After the fire died out, the noise had stopped and I had a big tip in front of me, I was ready to tie May up to the cross and have her make an escape. I let the marks up in front of the bally check the ropes to see that there was nothing wrong with them and I tied her to the cross. I went into the pitch, saying, "Before I have her make her escape, quicker than you can blink your eyes, I'd like to tell you about the show that you are standing in front of. If you would cast your eyes overhead, the signs say Palace of Wonders. Inside you will see everything pictured, painted and advertised from way down there (I pointed to the left) to way up there (I then pointed to the right). Each one of those paintings represents something that we have inside."


"Now, I could stand out here for an hour and a half telling you about the little Cadodies from southern Yucatan or Mexico, or the

 

pinheads from Africa, or the Pygmies or the little cannibals. I can tell you about the fire eater, the sword swallower or the pain proof man that you see standing before you but I'm not going to take up your time doing that."

 

"First, I would like for you to know that I am not one of those so-called carnival barkers. I am a free-lance photographer and old Betsy here (at that time the ticket seller handed me the junked movie camera) filmed thousands of feet of film for Ripley's Believe It Or Not's Strange As It May Seem and for the National Geographic magazine. I have traveled to the four corners of the earth doing so. In all my travels, and the strange things that I have seen, the strangest of them all is right inside this tent. It is Angeletta Vetta, the Four Legged Girl. She has four perfect feet, legs, limbs and thighs on one body."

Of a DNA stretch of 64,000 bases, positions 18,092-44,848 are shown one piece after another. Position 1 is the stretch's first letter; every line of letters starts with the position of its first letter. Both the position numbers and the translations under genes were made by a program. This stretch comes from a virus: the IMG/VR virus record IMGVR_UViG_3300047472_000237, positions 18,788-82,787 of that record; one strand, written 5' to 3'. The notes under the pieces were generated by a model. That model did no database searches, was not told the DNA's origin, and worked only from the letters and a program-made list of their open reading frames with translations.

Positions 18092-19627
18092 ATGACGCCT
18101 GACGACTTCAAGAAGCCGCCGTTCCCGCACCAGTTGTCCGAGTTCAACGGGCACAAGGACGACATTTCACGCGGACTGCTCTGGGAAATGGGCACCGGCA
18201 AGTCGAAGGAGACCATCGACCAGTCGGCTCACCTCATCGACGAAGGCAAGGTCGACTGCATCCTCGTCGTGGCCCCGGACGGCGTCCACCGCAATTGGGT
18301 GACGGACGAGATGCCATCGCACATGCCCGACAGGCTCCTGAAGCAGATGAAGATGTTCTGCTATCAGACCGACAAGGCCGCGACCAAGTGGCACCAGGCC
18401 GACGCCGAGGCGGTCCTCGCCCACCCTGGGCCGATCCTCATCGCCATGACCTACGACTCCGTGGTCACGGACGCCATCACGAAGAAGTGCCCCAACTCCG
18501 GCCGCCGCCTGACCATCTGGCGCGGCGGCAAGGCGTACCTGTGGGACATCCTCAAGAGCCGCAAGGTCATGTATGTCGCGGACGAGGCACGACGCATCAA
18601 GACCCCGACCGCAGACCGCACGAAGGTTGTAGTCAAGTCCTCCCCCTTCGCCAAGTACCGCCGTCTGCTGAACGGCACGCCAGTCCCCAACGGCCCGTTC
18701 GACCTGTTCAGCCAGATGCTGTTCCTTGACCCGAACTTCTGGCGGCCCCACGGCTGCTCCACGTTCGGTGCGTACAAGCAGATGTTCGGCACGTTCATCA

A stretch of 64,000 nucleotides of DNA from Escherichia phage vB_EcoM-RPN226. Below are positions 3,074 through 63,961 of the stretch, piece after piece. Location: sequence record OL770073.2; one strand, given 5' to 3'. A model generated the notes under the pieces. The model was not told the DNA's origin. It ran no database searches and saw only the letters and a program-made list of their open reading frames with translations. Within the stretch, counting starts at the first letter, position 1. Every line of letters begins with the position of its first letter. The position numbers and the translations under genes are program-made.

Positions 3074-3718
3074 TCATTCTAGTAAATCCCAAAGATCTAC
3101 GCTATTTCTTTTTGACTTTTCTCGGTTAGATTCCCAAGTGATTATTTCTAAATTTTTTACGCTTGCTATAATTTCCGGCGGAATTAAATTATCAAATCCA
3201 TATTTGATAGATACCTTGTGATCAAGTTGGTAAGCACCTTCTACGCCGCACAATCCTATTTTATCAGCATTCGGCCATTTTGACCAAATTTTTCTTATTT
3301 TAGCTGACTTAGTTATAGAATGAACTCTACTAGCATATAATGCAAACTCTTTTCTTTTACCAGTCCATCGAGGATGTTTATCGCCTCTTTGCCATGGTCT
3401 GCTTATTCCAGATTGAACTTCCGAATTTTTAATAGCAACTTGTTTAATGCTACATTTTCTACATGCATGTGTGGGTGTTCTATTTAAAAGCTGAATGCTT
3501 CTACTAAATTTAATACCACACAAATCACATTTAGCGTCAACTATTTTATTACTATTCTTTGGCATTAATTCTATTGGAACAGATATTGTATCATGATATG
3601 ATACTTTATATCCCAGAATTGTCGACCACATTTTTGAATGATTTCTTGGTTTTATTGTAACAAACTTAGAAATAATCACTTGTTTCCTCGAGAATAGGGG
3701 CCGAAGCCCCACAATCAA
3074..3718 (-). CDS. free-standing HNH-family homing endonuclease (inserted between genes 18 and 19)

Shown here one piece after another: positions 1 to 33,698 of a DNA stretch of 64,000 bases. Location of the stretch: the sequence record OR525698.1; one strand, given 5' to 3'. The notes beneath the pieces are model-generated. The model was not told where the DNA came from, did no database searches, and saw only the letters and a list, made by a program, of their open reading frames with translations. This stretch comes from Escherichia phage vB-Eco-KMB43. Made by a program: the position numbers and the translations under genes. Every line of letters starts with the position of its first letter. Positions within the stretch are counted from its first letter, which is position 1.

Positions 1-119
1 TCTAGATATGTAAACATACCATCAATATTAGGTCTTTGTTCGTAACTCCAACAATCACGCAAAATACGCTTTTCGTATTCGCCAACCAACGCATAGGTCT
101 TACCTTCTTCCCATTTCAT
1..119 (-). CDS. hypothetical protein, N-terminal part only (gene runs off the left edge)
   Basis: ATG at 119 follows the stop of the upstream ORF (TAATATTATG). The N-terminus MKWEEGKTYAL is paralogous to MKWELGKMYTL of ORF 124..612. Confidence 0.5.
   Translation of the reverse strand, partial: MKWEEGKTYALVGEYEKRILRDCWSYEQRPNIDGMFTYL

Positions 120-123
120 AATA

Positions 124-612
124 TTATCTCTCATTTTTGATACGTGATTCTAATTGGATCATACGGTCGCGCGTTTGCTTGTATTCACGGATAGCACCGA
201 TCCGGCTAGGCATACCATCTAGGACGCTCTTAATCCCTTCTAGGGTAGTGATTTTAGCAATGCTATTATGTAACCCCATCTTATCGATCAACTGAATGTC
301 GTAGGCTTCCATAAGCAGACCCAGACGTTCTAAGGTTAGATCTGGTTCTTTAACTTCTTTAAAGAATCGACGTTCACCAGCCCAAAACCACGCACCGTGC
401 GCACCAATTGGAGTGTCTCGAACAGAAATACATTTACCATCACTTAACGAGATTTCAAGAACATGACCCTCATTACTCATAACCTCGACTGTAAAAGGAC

"Folks often ask, can she walk on those four legs? I can assure you that not only can she walk, she can run, hop, skip and jump. She can ride a bicycle, roller skate and dance the polka. She is a high school graduate, married to a lieutenant in the Air Force. She is the mother of a six month old child that is normal in every respect."


"Believe me, when the nurse wheels that baby down that sawdust aisle inside and you see it, if you are a lover of little children and have a heart down deep in your body, you will have to say that it is the prettiest baby that you have ever seen. To prove to you that she can dance, we have arranged for a local polka band to play while she does the polka."


About that time, my ruffeys came from the back of the crowd, tooting on the horns and beating on the bass drum. Hell, these guys couldn't carry a tune with a song book under each arm!

 

I answered, "Yes, this is the place." At this time, I'm holding the microphone down low so that it picks up the conversation and everyone can hear it. He says, "We're supposed to play for her to dance," and I replied, "Walk right in."


Well, George starts in, tooting on the tuba, followed by the ruffey with the trombone, sliding back and forth and blowing it, followed by the rest of the band, with the ruffey beating on the bass drum bringing up the rear.


I announce, "There goes the band! She's now on stage roller skating and when she takes them off, she will start doing the polka. Get your tickets and hurry in if you want to see her dance! Fifty cent tickets only!"


Believe me, the marks damn near pushed the ticket boxes over getting the tickets! I happened to look off to one side of the crowd and Ralph, the pitch and Lou were cracking up.


The Four Legged Girl was a winner for years without any problems, but one. That was the time we set the stage over an ant hill. About half way through her act she and the gal under her were covered with
ants. Both of the gals did a quick exit out of the gaffed-up chair and under the side wall of the tent Man, the marks, almost tore the show down and would have if Ralph, the fixer, hadn't arrived and squashed the beefs by kicking them back their money.


As for the girls they had so many welts on them that they looked like they had a bad case of the chicken pocks. You can bet your life, from then on, the spot where the Four Legged Girl's stage was to go was thoroughly checked and rechecked.

 


To be Continued

 

Posted here courtesy of Midway Publications - Copyright 1999 William T. Usher All rights reserved

 


If you have information about William T. Usher please email us at the Sideshow World